Join instructor Rita Michele for the art of belly dance, with a Persian and Mediterranean flair! This “Skills, Drills, & Combinations” class is perfect for beginners as well as challenging enough for more experienced dancers. Belly dance is ideal for improving core strength. It tones the entire body and provides a low-impact aerobic workout. Students should dress in comfortable clothing and may dance barefoot or wearing ballet slippers. A scarf tied around the hips is helpful.
A full warm-up and cool-down is included with every class. Enhance your grace and beauty, and discover the dancer in you!
Classes will run on Thursday evenings for 8 consecutive weeks and will be held at the Community Center on Buffalo Rd. in Bryan, upstairs. A minimum of 6 students is required to hold the class, so please pre-register with the Parks & Recreation office to reserve your space: 419-633-6030.
One session only:
Begins September 29, from 6:30 to 7:30 p.m.
Fee is $60.00.
Wednesday, July 13, 2016
The increasingly popular slow movement began in the 1980s in Italy with the concept of slow food. This was, as you might guess, a revolution in reaction to the fast food culture. Slow food is prepared using fresh, local, sustainably grown ingredients. Slow food meals may come from your own kitchen or from a restaurant, and they are eaten mindfully and savored. Slow foods are whole foods rather than the standard American processed fare. The sharing of a meal is an intimate act. Food is not meant to be wolfed down on the go.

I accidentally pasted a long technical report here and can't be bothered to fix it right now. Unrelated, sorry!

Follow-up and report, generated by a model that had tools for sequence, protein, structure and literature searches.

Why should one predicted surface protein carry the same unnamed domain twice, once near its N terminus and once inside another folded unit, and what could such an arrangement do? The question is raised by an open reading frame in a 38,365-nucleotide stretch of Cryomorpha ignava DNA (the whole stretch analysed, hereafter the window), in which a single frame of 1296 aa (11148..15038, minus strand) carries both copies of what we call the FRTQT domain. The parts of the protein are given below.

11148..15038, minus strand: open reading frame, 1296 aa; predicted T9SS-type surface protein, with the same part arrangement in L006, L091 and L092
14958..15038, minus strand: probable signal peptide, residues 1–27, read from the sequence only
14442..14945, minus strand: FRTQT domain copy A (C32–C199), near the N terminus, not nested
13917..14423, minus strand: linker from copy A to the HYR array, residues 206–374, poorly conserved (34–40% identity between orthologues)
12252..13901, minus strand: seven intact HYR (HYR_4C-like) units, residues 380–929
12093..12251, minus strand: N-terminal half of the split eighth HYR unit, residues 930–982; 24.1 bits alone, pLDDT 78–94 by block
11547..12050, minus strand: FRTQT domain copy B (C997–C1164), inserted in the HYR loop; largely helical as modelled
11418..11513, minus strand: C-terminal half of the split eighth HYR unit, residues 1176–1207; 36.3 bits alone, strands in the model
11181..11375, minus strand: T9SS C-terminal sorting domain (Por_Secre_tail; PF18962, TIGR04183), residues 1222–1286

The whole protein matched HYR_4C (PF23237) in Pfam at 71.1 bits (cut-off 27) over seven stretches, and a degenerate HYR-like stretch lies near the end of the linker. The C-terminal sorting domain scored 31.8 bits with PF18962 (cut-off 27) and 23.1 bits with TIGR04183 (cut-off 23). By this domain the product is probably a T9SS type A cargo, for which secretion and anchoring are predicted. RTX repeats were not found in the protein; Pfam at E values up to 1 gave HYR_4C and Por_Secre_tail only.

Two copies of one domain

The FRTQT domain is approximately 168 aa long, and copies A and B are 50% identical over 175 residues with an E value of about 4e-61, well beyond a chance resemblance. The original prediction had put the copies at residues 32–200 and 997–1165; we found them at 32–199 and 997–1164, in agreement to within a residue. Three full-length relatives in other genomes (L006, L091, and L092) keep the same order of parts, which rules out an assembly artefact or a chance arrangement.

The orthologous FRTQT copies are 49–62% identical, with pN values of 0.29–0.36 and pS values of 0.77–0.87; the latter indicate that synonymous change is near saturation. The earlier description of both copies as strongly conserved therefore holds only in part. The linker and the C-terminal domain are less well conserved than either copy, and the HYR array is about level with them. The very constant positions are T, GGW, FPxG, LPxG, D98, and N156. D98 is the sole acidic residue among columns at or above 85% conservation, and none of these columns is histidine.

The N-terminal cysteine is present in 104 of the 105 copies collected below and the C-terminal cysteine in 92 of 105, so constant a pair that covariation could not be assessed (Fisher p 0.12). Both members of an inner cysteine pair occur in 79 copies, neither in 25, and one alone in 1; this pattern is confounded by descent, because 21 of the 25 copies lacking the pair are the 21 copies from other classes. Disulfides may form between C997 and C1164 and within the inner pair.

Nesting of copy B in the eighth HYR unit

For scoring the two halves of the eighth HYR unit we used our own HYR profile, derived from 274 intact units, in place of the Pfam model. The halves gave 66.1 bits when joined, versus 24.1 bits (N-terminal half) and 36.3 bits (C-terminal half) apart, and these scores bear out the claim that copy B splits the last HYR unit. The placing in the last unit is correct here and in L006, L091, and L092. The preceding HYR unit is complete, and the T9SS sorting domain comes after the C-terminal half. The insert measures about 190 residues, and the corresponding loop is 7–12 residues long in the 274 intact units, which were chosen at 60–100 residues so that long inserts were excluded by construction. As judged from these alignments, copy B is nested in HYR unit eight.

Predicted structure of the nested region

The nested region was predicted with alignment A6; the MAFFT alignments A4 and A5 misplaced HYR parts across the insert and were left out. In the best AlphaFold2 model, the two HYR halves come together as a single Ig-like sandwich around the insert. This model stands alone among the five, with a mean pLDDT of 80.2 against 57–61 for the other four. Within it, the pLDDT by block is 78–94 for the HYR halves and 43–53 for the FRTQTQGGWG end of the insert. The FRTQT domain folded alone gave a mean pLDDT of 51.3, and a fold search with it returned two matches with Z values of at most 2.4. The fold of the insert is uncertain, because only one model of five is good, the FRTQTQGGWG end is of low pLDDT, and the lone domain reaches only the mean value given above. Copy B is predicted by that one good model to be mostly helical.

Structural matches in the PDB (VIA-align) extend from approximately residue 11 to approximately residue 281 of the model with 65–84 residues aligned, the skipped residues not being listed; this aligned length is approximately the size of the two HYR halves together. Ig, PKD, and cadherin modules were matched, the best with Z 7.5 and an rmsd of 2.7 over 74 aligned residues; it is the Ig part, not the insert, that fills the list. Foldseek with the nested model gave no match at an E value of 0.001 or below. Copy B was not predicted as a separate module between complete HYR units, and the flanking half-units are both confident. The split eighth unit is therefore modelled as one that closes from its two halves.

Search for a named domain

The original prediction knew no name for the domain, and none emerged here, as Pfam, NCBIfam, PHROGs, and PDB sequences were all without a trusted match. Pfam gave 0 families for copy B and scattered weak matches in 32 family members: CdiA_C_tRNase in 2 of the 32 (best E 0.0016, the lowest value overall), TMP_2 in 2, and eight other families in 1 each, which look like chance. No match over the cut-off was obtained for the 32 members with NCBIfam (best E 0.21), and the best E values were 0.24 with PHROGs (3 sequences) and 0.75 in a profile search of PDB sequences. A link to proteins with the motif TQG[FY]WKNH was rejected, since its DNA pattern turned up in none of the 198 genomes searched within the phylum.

From slow food, the revolution has grown to include other areas of life, such as slow travel, slow exercise, slow education, and slow family living. The slow movement is the antidote to the modern busyness addiction and plugged in state of affairs. In the spirit of the slow movement, I'm going to keep the posts in this series short, so that you may experience slow blog reading. I hope to chronicle the small steps I am taking toward a simpler, more mindful and meaningful life a little at a time, as I try new things and take the time to see how they work. To simply observe.
The first thing I have done is to deactivate my Facebook account. Yes, again. I have already experienced a profound difference in myself. Maybe it has to do with less screen time. Studies show that too much screen time causes depression. Even if you don't deactivate, try to limit yourself to checking your email and FB accounts only once a day. Dial down your number of groups to as few as you really need to belong to. Shut off your notifications. Pare down your friends list, and stay off the news feed. If you can, take a week totally off Facebook and other social media to detox. Then re-evaluate what you think you can live without.
I hope you will join me on this journey. Simply beginning it has already given me great hope. I ordered a book from the library that I highly recommend--The Lessons of St. Francis: How to Bring Simplicity and Spirituality into Your Daily Life, by John Michael Talbot. I invite you to join me in a slow movement conversation in the comments. We all need a sense of like-minded community. It's best to have this in person, but the internet can be a valuable tool for filling in those "real life" gaps, so let's talk!